A Remarkable Rhino Rescue, Part 2
Words and pics Michael Fitt, Wilderness Safaris Botswana Sustainability Coordinator
After a remarkable rescue and rehabilitation programme, Wilderness safaris release a black rhino and her calf.
After almost six weeks in the boma, we released the black rhino mother and her calf.
We had picked up the calf at one week old, and so at the time of release he was about seven weeks old. It has been quite extraordinary to watch him develop at this young stage. For example when we first picked him up, his horn was completely flat but by release he had a small hammer developing on his nose.
The injuries around his ears have completely healed and although he will need to adjust, I’m sure he will learn how to cope without directional hearing ability. The muscles around his ears are able to move while he listens to exterior noises.
His limp at this stage is difficult to measure. He appears to be completely able-bodied. He can walk and run and jump, and often shows off these abilities. However when he walks slowly it appears that he still has a slight limp. His muscle development in the right front leg appears to be less than in the left, and it is my opinion that this will be rectified by increased exercise, which he should get outside of the boma.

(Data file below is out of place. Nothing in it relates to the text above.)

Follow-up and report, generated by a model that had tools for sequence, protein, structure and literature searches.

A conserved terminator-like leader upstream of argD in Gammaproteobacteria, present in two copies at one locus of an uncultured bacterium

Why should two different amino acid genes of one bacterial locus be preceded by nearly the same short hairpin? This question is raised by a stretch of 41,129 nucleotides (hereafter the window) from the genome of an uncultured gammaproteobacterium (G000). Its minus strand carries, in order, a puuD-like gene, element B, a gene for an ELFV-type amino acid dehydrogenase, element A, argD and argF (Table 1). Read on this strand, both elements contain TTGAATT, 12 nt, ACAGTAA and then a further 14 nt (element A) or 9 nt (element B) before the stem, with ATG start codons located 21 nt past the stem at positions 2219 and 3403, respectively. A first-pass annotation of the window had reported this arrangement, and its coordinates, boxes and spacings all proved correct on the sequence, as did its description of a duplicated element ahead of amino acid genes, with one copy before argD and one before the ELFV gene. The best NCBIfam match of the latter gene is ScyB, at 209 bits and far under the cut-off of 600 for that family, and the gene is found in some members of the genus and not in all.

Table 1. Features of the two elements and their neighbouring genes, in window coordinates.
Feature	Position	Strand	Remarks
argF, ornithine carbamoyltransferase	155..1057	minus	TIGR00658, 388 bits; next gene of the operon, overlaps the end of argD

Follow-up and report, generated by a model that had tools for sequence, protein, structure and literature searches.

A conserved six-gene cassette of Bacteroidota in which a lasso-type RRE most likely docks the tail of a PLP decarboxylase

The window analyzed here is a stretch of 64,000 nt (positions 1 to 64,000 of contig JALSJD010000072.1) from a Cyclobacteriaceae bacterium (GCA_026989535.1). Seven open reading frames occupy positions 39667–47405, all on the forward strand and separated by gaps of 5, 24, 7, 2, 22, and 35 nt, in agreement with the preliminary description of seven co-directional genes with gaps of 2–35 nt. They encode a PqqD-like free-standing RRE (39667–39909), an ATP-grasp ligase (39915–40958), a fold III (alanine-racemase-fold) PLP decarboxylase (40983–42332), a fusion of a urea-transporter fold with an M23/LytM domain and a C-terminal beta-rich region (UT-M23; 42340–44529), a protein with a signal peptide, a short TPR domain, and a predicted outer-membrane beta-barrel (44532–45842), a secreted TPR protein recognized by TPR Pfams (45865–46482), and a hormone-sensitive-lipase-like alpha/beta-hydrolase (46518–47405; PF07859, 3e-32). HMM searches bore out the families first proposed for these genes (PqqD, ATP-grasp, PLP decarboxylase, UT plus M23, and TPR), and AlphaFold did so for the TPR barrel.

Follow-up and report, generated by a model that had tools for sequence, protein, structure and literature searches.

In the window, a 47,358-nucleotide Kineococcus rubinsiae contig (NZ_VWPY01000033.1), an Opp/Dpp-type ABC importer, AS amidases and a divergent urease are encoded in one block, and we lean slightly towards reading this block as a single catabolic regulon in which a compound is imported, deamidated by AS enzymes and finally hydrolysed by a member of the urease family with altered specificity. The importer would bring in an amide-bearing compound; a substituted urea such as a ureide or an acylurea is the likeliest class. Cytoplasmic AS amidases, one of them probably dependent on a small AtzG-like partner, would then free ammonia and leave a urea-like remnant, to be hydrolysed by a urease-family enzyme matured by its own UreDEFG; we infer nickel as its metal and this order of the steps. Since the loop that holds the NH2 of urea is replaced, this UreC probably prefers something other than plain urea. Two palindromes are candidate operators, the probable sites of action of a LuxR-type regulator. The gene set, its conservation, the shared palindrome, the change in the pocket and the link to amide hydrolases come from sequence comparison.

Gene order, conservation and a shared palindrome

In short I believe we have done all we can, and given the increased rainfall and wind, it is the right time to release the mother and calf. She is displaying increased agitation at her extended stay, especially with the onset of the rain.
The release went very well. We fed them shortly after 3 pm and opened the gate at 4 pm. It took 25 minutes for her to finally leave, as she was still eating. She tested the air several times prior to walking out, and then finally gave a classic black rhino snorting session as she moved out of the boma. The calf followed a few seconds behind her and they moved off together.
We will now attempt to find them every day to ensure that they are still together. We will continue to monitor their progress and keep you updated on their progress – it is difficult to tell how the young one will cope due to its injuries but we are positive at this stage and hope for the best.